Eight Utah sports figures who are true heroes
Rose has taken the BYU basketball program to lofty heights since taking the reins from former coach Steve Cleveland in 2005. Rose has led the Cougars to seven consecutive 20-plus winning seasons and six straight NCAA Tournament appearances. He was honored as the Mountain West Conference Coach of the Year three times before the program moved to the West Coast Conference.
Rose began feeling so lightheaded on a flight from California to Las Vegas in June 2009 that he couldn't sit up. Paramedics took him off the plane and straight to the hospital, where doctors removed a large cancerous tumor that had spread to his spleen from his pancreas. Rose returned to coaching later that year and his periodic checkups show he remains cancer free.
In the spring of 2010, Rose was named a member of the National Coaches vs. Cancer Council. The council assists Coaches vs. Cancer in its efforts to raise awareness and funding. Rose joined a prestigious roster of coaches on the council, including Mike Krzyzewski (Duke), Roy Williams (North Carolina), Jim Boeheim (Syracuse) and Mike Brey (Notre Dame).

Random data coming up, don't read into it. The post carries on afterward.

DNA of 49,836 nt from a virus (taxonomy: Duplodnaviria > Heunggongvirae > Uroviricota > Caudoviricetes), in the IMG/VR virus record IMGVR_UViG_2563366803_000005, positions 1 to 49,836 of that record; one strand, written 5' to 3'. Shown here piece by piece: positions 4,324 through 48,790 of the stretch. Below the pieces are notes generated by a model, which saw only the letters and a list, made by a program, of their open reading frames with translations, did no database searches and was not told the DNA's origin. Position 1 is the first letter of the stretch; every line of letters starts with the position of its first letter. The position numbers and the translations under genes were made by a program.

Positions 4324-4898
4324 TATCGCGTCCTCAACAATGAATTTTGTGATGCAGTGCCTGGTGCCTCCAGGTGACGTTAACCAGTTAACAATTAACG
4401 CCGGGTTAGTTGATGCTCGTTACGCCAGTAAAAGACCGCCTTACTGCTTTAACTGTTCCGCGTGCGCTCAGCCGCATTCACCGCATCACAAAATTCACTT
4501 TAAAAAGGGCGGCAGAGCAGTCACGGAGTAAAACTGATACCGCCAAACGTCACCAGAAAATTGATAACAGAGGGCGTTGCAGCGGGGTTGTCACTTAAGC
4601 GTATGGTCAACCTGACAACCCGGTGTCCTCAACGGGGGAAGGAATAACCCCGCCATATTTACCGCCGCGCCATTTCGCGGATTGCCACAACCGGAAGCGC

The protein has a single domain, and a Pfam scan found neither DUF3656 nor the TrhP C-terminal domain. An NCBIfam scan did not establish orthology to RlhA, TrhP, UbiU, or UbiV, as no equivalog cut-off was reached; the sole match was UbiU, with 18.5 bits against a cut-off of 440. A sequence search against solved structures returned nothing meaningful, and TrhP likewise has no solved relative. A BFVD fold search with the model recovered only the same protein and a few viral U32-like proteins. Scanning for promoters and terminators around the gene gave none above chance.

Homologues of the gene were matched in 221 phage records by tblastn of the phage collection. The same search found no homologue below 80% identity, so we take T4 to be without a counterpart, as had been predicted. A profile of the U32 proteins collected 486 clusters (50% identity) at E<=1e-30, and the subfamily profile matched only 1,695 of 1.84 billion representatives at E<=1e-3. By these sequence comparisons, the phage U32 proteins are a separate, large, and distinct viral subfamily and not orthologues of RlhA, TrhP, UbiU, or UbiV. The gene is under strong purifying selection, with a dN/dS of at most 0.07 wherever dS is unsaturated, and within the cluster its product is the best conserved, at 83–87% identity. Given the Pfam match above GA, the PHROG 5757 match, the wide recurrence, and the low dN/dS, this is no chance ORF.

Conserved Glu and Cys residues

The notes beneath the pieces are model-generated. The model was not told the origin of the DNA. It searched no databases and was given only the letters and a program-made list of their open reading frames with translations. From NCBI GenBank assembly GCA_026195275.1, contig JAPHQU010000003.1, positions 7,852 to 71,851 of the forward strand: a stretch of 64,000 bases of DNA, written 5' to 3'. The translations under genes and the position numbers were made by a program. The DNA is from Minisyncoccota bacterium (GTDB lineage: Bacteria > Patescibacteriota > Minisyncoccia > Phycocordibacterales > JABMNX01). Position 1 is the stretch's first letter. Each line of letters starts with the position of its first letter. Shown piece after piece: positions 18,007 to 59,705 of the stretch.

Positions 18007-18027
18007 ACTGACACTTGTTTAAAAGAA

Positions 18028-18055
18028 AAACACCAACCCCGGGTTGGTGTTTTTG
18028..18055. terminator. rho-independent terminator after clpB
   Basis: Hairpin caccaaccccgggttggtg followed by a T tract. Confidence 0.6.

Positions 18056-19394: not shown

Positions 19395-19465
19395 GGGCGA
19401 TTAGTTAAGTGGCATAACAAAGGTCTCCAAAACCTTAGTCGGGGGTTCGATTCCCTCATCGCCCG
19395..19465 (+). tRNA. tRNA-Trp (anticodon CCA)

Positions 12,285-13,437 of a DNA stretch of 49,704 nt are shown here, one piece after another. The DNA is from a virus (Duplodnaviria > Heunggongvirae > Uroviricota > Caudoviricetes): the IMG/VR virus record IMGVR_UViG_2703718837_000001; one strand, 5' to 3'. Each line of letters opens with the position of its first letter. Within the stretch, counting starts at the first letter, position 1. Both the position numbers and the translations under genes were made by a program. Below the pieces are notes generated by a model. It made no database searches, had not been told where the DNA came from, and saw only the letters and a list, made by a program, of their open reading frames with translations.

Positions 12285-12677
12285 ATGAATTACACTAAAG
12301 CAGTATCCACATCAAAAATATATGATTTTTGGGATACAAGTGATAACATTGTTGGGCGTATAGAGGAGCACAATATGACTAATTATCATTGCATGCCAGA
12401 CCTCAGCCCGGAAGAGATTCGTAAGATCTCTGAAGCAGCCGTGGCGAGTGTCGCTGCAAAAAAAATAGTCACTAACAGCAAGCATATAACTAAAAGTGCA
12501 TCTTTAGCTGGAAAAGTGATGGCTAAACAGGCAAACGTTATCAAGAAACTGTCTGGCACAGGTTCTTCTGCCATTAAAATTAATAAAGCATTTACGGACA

In 2012, Cheryl Rose was named to the committee that organizes the annual Fight Cancer in Style Luncheon, an event held at the Final Four to give coaches’ wives the opportunity to learn more about getting involved in the fight against cancer at their schools and in their communities.
Rose was the first coach in Utah to participate in the American Cancer Society’s nationwide Coaches vs. Cancer campaign when he was the head coach at Dixie State (1990-97). Dave and Cheryl Rose and the BYU basketball team have assisted the efforts of the Children with Cancer Christmas Foundation for more than a decade. In 2008, Rose received the NABC Game Pillar Award for Service and in 2010 he lobbied before Congress for increased funding for cancer research.
The Roses have plans to build a Hope Lodge, the 32nd in the nation, in Salt Lake City. Hope Lodges are run by the American Cancer Society and offer cancer patients and their caregivers a free, temporary place to stay when their best hope for effective treatment may be in another city.
Visit hopelodgeutah.org to find out how you can support the efforts of the American Cancer Society and bring a Hope Lodge to Salt Lake City.
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